I am not proud of being Black


There’s something I don’t quite understand.

Why be proud of being black? How is this an achievement?

The natural color of skin: something you did not have to lift a finger to get, something you barely need to maintain.

I mean maybe Michael Jackson could be proud of his white skin: he almost nailed the art.

But myself, I’m black. I was born black. Just like I was born a woman. Just like I was born on the African continent.

I did not choose my blackness, my womanhood or my Africanity. I did not choose my family, or my birthplace. I did not choose my social status at birth, nor did I choose my looks.

“Pride (noun) /praɪd/:

a feeling or deep pleasure or satisfaction derived from one's own achievements, 
the achievements of those with whom one is closely associated, or from qualities 
or possessions that are widely admired.”

Before anyone jumps to conclusions, I want you to stop and think: what exactly is supposed to make me proud of something I did not do anything to get? Are you proud of having two eyes or a full set of fingers? – I’m just grateful for that because it gives me some abilities that allow me to navigate more easily in the societies humans have voluntarily created this way.

So maybe I didn’t choose my black skin or my two black eyes, but I was born with choice.

As my preschooler son would say:

“I am a person and my skin is brown.”

I can choose to be who I am today. I can choose to be where I am now. I can choose to do what I do here. I can choose great friends with all their flaws and the strings they come attached with. I can choose what I will or will not do. I can choose to be proud of the good I see in people.

I can be proud of my father and my mother for being great parents.

I can be proud of my sisters and brother for their achievements. For making our parents proud and for carrying our family name, making sure it is perpetuated positively.

I can be proud of the good character, generosity and kindness of people I know.

I can take pride in seeing political, economic and ethical milestones being reached in my country of birth.

I can be proud of all the creativity in the world that allow me the versatility in styling my kinky hair, versatility for which I get complimented regularly.

I can be proud of the tasty recipes that my ancestors have come up with for everyone’s health and enjoyment until this day. I can be proud of the ingenuity of my forefathers which have contributed to making our world a more liveable place for all.

When looking at all this, I realise that it only makes sense. Why be proud of my blackness? I am not proud of my parents for the simple fact that they have the parental status, or of my siblings because they are siblings, or of my country because it’s a country.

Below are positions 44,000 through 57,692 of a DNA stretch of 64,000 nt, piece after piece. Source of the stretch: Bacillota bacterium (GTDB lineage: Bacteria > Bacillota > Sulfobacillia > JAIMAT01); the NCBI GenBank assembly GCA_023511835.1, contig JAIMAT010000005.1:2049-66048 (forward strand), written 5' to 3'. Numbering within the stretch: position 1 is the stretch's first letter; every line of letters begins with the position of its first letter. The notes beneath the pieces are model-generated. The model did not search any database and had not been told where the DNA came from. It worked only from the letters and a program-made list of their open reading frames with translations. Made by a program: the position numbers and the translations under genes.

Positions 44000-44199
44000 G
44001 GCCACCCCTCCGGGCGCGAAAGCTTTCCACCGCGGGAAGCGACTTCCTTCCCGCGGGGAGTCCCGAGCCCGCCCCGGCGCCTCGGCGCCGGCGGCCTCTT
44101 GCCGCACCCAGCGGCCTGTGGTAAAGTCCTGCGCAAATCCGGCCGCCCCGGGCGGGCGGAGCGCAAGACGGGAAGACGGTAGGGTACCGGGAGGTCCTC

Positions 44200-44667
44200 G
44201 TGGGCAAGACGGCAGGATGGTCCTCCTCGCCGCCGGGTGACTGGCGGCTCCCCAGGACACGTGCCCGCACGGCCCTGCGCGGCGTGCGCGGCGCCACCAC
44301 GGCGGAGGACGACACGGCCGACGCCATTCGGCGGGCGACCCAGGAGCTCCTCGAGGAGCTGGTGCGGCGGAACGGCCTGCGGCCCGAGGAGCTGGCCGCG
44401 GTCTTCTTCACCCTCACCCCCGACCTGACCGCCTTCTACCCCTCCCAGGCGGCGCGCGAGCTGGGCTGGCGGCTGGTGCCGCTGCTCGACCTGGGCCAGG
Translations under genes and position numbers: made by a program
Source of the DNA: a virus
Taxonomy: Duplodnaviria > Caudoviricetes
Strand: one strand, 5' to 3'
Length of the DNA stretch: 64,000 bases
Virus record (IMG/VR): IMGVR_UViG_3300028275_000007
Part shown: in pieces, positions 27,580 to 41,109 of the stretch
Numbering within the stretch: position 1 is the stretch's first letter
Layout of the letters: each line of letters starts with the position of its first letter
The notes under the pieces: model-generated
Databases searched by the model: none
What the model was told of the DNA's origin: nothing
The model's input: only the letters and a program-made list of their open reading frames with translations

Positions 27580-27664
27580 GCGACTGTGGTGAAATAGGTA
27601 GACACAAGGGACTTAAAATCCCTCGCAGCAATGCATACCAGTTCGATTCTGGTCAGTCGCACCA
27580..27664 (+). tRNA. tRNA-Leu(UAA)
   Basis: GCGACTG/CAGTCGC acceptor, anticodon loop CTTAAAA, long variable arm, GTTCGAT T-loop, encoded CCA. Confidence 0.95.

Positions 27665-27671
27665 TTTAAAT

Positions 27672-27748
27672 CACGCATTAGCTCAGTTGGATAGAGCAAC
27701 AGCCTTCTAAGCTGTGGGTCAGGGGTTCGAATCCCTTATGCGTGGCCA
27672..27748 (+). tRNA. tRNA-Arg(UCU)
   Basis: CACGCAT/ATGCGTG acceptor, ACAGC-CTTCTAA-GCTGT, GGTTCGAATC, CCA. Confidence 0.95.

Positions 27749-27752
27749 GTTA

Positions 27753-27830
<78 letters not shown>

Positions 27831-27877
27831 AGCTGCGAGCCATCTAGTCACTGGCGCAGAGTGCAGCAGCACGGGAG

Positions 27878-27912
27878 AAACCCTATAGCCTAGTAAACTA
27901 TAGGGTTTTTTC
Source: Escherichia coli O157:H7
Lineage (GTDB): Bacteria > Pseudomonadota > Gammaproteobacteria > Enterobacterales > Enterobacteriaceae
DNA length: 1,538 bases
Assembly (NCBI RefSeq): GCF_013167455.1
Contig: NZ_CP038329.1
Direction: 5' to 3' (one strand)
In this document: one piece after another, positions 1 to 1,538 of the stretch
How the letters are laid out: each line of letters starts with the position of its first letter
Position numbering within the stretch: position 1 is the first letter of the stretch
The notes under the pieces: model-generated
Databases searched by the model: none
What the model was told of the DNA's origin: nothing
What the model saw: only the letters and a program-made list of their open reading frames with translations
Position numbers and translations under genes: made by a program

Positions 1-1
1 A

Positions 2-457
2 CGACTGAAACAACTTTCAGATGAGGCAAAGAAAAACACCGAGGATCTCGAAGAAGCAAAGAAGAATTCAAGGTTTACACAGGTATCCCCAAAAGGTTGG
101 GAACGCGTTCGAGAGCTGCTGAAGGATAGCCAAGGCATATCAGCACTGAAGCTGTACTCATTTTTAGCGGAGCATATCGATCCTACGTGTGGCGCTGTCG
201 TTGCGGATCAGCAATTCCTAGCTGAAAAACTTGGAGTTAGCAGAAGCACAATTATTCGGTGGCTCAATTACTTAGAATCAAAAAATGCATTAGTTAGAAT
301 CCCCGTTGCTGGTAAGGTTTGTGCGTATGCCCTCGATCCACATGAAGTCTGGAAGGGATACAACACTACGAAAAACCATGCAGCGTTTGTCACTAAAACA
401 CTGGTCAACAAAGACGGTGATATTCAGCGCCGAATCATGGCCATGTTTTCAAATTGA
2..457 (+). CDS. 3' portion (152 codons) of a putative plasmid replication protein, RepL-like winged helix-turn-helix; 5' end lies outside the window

I am proud because they are moving forward. They are evolving and trying to improve their today so their tomorrow can be better than their yesterday.

I am proud of values, of behaviours, of a mindset, of actions that speak louder than words. I am proud of belonging to the same circle and being a complete piece of an entity they belong to.

Which means in reality I’m not proud of being black.

I don’t think my pride emanates from the color of a skin I have and did not have any say in wearing. And if I had to choose, chances are I wouldn’t change it.


Because that black skin is charged with a strong history of great achievements; because that black skin is a testimony of many trials and tribulations from which my people emerged stronger and smarter, allowing me to be the person am I today.

I’m proud that we are able to fall and get back up, that we respect one another as much as we respect those who are different from us.

After all, we are one people with very different beings. We can disagree; and then agree to disagree. We have different personalities, beliefs and talents;  we have different attitudes towards fate and different ways of expressing our common values. It makes the beauty of our diversity within our shared heritage.

And we do have some things in common: our culture, our core values and the color of our skin.

So yes, I am black. I am black and I am proud of who I am for what I am able to achieve today. For my people and those who came before them have shown a path to greater good. They have demonstrated that resilience, fairness, strength, intelligence and greatness are an integral part of me and it is up to me to put them to great use for my own good, the good of others, the good of this planet and that of those who will come after me.

I am proud of the achievements that my parents, uncles and aunts, cousins, brothers and sisters, from another mother or not, from a different generation or not, have carried in time to get me where I am today.

I’m proud they’ve shown me that leading by example is the best form of education. I’m proud of being entitled to associate myself with such great people.

And you know what? They just happen to be black.

It is just a major feature of my identity according to all the judgement and prejudice it receives.

– that being said, I love my blackness.

By | 2017-01-06T11:36:33+00:00 February 16th, 2016|Africanity, Identity|Comments Off on I am not proud of being Black

About the Author:

Kiswend is a Sista Tweet blogger, co-creator, designer and Creative Manager. She loves cooking, crafting and thinking outside the box and when she’s not on Sista Tweet or building up a city at her day job, this aspiring entrepreneur is busy inventing her next homemade African fusion project.

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